Tuesday, October 7, 2008

Most Important

I got my nails done on Sunday. That is truly one of life’s greatest pleasures, in my mind. I cheat a bit. I get a “polish change,” which is all the benefit of the lasting color and shine, for half the price. I skip out on the cuticle care and the hand massage; although I treat myself to those luxuries on occasions such as my birthday. But with a polish change, I still feel refreshed and maintained, ready to conquer the world.

But I digress. That’s not really what this blog post is about.

As it turns out, Sunday afternoons are not the busiest hour at the nail salon, which makes it a delightful, serene place for someone who is seeking a quiet hour. There weren’t many of us, but there were two pairs of mothers and daughters also on a mission to self pampering.

I studied them. Politely and inconspicuously, I watched and watched.

They were distinctly different from one another, with very different intentions. In one corner, there was a mother and daughter… they were dolled up. Mom was in her early forties but clearly determined not to appear so. Her daughter was in high school – tenth grade, or so I overheard. Mom was passing on the legacy of beautiful perfection, of a polished appearance at any cost.

This was clearly a routine for them, and their lack of genuine interest in one another conveyed one thing about the manicure: "This is my most important."

But there was another mother-daughter duo. Very different from the first pair, these two were not flashy at all. In fact, they were both a little plain at first glance. They were identical – I could have matched them together in a room of mothers and daughters. They had curly, crazy, frizzy hair; the kind that’s hard to control, no matter what you do. Mom was in her late thirties, and her girl was probably eleven. She was in that awkward stage of self, with apparently no degree of comfort in this chubby body of hers. She had a purple cast on her broken arm, complete with glitter and sparkles. Now that’s an accessory.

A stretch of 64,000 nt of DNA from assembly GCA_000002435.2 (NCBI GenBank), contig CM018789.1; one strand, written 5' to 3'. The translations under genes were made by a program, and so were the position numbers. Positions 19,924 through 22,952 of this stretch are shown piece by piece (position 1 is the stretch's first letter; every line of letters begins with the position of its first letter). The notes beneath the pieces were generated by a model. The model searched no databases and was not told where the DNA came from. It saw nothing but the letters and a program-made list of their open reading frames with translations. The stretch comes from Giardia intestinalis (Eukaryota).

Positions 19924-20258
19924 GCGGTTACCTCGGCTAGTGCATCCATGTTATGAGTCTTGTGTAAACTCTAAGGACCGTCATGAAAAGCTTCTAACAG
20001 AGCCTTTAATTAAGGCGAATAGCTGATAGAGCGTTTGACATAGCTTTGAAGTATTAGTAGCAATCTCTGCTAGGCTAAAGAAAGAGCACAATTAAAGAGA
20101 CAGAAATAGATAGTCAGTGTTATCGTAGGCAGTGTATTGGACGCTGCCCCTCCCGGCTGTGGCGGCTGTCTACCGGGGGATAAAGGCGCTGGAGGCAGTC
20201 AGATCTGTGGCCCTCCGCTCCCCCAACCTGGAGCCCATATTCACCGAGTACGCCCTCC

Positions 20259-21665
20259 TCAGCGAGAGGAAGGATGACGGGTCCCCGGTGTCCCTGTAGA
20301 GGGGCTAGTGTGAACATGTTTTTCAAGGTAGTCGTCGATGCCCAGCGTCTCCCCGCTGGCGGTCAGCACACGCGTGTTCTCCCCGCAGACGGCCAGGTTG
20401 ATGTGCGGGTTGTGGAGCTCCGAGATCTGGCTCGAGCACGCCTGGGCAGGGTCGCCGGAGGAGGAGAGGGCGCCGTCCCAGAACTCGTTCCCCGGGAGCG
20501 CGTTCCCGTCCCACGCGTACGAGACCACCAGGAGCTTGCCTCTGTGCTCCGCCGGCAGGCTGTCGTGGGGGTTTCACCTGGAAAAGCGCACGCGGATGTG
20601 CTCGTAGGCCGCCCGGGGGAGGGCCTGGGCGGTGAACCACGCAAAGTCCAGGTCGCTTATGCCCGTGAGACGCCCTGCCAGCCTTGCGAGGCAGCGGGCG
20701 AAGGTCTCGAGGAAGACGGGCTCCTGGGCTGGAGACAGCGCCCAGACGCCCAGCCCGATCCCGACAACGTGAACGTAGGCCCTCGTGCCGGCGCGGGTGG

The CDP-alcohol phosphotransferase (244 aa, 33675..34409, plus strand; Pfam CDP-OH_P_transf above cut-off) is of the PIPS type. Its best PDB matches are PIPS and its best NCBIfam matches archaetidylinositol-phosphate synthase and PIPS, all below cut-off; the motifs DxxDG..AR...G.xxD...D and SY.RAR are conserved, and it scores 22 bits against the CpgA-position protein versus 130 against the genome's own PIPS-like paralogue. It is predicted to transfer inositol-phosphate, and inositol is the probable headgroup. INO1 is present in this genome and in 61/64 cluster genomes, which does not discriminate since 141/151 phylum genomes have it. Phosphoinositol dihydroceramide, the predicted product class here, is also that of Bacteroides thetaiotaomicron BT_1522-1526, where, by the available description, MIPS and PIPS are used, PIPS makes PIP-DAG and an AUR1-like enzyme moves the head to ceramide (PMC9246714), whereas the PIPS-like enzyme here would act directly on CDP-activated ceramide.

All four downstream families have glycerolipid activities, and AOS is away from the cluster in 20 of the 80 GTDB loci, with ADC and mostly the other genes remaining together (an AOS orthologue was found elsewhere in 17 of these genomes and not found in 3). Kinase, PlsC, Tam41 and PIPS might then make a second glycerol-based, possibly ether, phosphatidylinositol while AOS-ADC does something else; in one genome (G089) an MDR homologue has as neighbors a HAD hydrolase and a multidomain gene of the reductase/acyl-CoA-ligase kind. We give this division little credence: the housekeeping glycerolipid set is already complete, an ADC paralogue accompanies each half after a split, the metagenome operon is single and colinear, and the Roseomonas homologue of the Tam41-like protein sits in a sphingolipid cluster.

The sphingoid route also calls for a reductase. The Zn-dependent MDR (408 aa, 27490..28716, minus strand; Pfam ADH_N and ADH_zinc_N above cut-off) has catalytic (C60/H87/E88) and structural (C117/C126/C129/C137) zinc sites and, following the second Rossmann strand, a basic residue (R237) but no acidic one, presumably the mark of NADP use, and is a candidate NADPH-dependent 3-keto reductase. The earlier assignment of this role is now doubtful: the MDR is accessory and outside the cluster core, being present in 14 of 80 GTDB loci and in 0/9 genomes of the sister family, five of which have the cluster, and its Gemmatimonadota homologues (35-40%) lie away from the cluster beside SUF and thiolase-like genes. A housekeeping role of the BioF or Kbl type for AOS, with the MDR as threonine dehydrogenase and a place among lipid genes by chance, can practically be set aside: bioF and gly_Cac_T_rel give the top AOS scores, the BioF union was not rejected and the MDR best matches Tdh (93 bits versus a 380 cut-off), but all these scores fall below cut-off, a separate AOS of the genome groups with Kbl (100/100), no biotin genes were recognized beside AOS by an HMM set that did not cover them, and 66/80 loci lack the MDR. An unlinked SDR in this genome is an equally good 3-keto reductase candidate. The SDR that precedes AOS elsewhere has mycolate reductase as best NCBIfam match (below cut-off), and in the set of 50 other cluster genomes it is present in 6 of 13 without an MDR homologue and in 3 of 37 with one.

Here’s what I loved: this was their special day. This was not about expensive personal maintenance or a perfect appearance. This was about a special day for the two of them, to boost her confidence in these final weeks with the cast on her arm. This was about mom’s realization that her daughter was in the most awkward life stage, and there is a very short list of cures for this ailment. But, the short list can include a mom who really likes you and some freshly painted nails. They carefully chose colors, and they admired each other’s finished, polished look.

Everything about the two of them said, “You are my most important.”

I loved it. The three of us dried our nails together, and I chatted with them – about the broken arm, the purple glitter, and the Girls’ Day Out. What a beautiful duo.

I want to be that kind of mom. Of course, there are no manicures in my boys' future... and unless God sends our girl someday, that will continue to be a solo outing for me. But my boys can expect lots of upcoming dates, quiet afternoons, and adventurous outings with mom, and I want them to know always, always:

You are my most important.

1 comment:

My name is Stephanie said...

Love this blog! But I have to say this line is hilarious: "Mom was in her early forties but clearly determined not to appear so." That may have to go on my blog!